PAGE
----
In the clutch
O'Neill doesn't hit lefties well, but he comes through
Posted: Sunday October 24, 1999 03:03 AM
Paul O'Neill singles off John Rocker in the eight inning. AP
ATLANTA (AP) -- Nothing stops Paul O'Neill.
Certainly not a measly little broken rib.
In the parking lot at Yankee Stadium 12 days earlier, he had a pained expression as he returned from the hospital after learning he cracked the rib while trying to run down a foul fly at Tampa Bay on Oct. 2.
On Saturday night, it was the Braves who were feeling his pain.
O'Neill's two-run single off John Rocker put the Yankees ahead in a four-run eighth inning, and New York extended its World Series winning streak to nine with a 4-1 win in the opener against Atlanta.
"I feel pretty good, I really do," O'Neill said, playing down the injury. "For the most part, it's feeling better day by day. Right now, I don't feel it's changing anything I do on the field. I'm sick of talking about it, to tell you the truth."
O'Neill didn't want to take any credit, trying to deflect it to Chuck Knoblauch, who loaded the bases with a bunt that first baseman Brian Hunter fumbled.
"We got a break on the bunt and that set up the whole inning for us," O'Neill said.
Three years ago, O'Neill played the entire postseason with a torn hamstring and limped through the World Series against Atlanta, going just 2-for-12 with no RBIs. But he also made a great catch on Luis Polonia's liner with two outs and two on in the ninth to preserve a 1-0 Game 5 victory.
In all, he had just one RBI in 46 career World Series at-bats before his hit against Rocker, batting just .152 (7-for-46).
Still, he is the heart of the Yankees. New York owner George Steinbrenner calls him a "warrior."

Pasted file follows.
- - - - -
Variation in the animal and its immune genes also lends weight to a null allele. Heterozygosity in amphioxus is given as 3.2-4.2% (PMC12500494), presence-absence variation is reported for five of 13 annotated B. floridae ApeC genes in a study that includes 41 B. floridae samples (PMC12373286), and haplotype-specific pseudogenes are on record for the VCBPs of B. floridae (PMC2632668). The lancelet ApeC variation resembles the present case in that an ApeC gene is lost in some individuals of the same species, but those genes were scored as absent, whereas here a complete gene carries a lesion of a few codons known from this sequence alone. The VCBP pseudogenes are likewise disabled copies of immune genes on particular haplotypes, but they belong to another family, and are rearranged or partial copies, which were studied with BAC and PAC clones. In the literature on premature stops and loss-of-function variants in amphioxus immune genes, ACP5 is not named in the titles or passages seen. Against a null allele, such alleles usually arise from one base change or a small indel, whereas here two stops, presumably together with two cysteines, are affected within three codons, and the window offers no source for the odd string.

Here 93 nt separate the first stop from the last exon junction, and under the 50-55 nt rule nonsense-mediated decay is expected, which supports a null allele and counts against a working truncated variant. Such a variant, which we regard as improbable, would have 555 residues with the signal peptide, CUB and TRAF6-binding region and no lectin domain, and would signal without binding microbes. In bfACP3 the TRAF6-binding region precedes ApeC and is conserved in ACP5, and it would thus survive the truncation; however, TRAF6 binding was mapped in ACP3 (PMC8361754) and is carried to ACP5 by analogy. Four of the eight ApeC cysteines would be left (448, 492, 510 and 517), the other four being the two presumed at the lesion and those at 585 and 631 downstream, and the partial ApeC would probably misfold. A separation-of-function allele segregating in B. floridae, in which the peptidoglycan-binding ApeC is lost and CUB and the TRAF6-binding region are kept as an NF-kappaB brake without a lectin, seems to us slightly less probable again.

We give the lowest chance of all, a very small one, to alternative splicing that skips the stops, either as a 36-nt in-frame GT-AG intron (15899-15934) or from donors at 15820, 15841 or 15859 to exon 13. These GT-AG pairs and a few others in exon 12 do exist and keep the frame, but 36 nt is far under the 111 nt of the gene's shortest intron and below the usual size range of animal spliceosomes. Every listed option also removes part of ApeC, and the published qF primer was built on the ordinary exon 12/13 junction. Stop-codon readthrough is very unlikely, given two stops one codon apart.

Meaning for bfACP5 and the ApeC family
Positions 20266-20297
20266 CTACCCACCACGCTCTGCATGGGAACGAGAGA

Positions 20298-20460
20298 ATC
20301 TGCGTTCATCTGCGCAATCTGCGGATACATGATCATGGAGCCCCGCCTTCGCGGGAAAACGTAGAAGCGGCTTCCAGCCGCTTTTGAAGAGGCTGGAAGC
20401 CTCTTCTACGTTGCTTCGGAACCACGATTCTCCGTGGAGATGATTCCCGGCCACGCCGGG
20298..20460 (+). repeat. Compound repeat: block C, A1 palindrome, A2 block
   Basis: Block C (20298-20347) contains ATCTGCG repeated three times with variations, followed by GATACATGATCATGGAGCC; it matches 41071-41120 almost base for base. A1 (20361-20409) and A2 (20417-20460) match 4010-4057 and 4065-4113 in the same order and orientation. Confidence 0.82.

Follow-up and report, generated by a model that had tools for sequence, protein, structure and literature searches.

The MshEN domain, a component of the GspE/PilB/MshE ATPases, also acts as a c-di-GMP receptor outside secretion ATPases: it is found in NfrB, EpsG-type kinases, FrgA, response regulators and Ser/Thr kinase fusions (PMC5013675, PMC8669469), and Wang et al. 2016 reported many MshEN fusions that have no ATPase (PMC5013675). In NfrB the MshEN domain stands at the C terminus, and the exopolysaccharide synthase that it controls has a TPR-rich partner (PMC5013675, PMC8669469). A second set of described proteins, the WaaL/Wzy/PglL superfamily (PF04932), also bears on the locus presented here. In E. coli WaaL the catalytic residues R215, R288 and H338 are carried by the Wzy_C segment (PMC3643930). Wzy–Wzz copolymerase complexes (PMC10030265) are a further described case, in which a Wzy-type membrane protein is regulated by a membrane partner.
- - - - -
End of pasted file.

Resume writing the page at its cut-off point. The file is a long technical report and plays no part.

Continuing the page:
"O'Neill's a gamer," Derek Jeter said. "When he seems like he's not going to get a hit, he comes up and gets a big hit."
Yankees manager Joe Torre, who let the right fielder talk his way into the lineup for the AL Championship Series opener, jokes that O'Neill is like a calendar: He knows October is approaching when O'Neill starts destroying Gatorade jugs and water coolers.
Until Saturday night, that was about all O'Neill was destroying.
When he stepped up to the plate against Rocker, who relieved after Jeter's game-tying single off Greg Maddux, he was just 8-for-32 this postseason with a grand total of one RBI.
He had been 0-for-2 against Rocker, and the Yankees were a combined 1-for-7 against the talkative left-hander, whose postseason has been notable for his verbal fights with New York Mets' fans.
Rocker allowed just 10 of 27 inherited runners to score and held left-handers to a .140 batting average during the regular season. So he was the perfect choice.
"Left-handers aren't going to make a living off Rocker," O'Neill said. "He throws too hard and too well."
O'Neill hit .190 against lefties during the season, the lowest of any Yankees regular.
"Everything that happened in the past, you just throw out the door," Jeter said. "He's not up there thinking about his struggles against lefties."
O'Neill fell behind 0-1 in the count, then took three straight balls, so he knew Rocker had to come in with a strike. Then he turned on a 96 mph fastball, clapped his hands as he saw it roll into the outfield, and the Yankees were on top.
"Breaks are part of the game," O'Neill said. "The ball finds a hole like tonight and we win. It's a double play and we still might be playing."
At 36, O'Neill doesn't know how much longer his Yankees career will last. On Saturday night, he once again showed that even at a fraction of his best, he can still come through.
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